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After hours of reading up on what scopento get I thought I'd made my decision. The skywatcher 150pl but now ove seen the 200p dobsonian. Now I'm undecided can any one help with my 2 choices 

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Hello and welcome to SGL.

Both are good scopes. But the better is determined by your circumstances.

Tell us about your viewing plans.

Out of the back door into the garden? Down 3 flights of stairs? 10 miles to a dark site?
How do you feel about handling a potentially heavy and bulky assembly. They all look small on web sites!

What sort of viewing expectations do you have? Just visual? Photos? Dim fuzzy galaxy type viewing? Moon & bright planets?

The best scope is the one that gets used the most. Not the scope with the best specification.

The comments and recommendations will come flooding in when we know a little more about you.

David.

 

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I am also looking for a new scope but have ben doing AP for a couple of years now. I'm drawn towards a SW 150 PDS. It's good for visual and for AP with a DSLR.

The price £218 is very competitive for a 150 reflector that you can use for photography and has lots of good feedback on this forum.

Dobs are good for visual only and if you want to move onto AP then you will need to change the scope!

Hope this helps..

 

Ron

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Thanks for replys. I've not even seen the 150 dps only the p and pl I'll have a look at that to. 

For my viewing I'd like to be able to get good close ups of the moon and planets galaxies. I live in liverpool but the it's fairly dark at  night where I am  I'm not to concerned about size as I will store it in my garage and use it in my garden. I current have a pair of 20x80 celestron binoculars and for some reason I find Orion amazing so if like to get thr best views of that as I can with my cash. 

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Hi and welcome to SGL. I am in the same position as you and I must admit it is looking more and more like the Sky-Watcher 200P dobsonian. Good luck with your choice. Btw where about In Liverpool are you.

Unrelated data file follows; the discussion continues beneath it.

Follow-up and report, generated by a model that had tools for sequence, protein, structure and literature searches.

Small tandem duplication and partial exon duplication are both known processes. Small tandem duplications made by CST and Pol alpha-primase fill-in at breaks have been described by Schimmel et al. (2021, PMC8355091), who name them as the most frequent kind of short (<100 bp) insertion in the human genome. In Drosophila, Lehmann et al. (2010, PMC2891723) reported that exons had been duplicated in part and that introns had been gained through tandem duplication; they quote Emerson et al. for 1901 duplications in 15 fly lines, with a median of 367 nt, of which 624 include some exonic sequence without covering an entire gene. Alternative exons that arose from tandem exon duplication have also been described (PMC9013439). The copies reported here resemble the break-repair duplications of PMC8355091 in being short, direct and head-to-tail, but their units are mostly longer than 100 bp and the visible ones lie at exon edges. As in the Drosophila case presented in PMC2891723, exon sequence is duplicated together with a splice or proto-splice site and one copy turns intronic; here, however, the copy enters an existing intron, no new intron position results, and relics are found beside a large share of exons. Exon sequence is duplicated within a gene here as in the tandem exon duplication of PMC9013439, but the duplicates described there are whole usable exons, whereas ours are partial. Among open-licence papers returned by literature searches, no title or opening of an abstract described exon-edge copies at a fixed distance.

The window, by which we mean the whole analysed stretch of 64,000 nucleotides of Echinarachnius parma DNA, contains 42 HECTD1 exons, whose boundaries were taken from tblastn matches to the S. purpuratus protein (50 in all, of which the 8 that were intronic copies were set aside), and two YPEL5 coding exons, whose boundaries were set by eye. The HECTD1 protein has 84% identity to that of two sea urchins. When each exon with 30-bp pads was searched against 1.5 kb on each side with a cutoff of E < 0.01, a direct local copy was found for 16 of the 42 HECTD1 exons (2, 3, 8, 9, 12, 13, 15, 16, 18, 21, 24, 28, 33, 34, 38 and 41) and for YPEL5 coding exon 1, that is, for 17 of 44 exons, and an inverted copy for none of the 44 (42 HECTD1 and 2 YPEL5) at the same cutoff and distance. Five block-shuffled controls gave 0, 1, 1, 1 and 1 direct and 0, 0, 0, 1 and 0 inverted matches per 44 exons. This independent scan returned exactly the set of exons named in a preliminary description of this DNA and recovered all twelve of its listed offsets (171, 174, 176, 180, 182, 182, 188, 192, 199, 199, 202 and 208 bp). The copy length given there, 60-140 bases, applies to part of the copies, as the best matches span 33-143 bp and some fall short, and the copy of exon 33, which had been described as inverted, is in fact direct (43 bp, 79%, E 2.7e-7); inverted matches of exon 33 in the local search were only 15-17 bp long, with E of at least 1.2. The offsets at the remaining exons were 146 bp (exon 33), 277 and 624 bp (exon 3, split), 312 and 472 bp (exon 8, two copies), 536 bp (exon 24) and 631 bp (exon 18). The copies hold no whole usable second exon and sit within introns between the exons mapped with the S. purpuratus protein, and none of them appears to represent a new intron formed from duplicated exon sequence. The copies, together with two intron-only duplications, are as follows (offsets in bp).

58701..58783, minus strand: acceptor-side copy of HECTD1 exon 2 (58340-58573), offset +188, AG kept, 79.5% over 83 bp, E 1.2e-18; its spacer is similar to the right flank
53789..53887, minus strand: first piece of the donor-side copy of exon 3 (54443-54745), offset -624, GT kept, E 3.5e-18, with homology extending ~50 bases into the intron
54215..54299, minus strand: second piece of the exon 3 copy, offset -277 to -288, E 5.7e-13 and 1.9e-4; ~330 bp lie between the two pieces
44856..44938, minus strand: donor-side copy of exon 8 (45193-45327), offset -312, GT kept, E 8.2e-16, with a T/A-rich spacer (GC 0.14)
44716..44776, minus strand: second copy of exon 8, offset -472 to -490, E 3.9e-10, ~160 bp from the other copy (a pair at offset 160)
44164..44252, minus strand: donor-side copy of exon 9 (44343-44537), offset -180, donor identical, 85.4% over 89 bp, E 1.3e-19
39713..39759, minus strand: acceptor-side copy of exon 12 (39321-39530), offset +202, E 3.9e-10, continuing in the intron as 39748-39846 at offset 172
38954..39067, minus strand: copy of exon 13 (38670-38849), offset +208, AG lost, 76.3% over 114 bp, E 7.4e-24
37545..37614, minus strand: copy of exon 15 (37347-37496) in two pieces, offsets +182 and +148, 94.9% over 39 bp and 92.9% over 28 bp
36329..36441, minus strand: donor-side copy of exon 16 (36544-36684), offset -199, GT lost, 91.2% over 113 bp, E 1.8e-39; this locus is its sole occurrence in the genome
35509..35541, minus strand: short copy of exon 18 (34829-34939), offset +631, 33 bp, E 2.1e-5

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Hello and welcome!

Given your location and viewing preferences I would definitely choose the 200p. Easy to handle and capable of fantastic views of the solar system as well as deep sky objects, you can't go wrong really.

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For visual use of a Newtonian scope I prefer a dobsonian mount over an equatorial mount and so would choose the Skyliner 200p. If you do want a tripod mounted scope an f5 150p on an AZ4 mount will probably work better than a 150pl.

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Am I right in thinking the 150pl has a better magnification and can see further and more detail of planets and the moon

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8 hours ago, awlfc said:

Am I right in thinking the 150pl has a better magnification and can see further and more detail of planets and the moon

Magnification can be calculated by dividing the focal length of the telescope by the focal length of the eyepiece. The maximum magnification that you can use with a telescope is determined by the aperture of the telescope. Since both the f5 and f8 150p have the same aperture they can utilise the same magnification, you will just need different eyepieces to get there.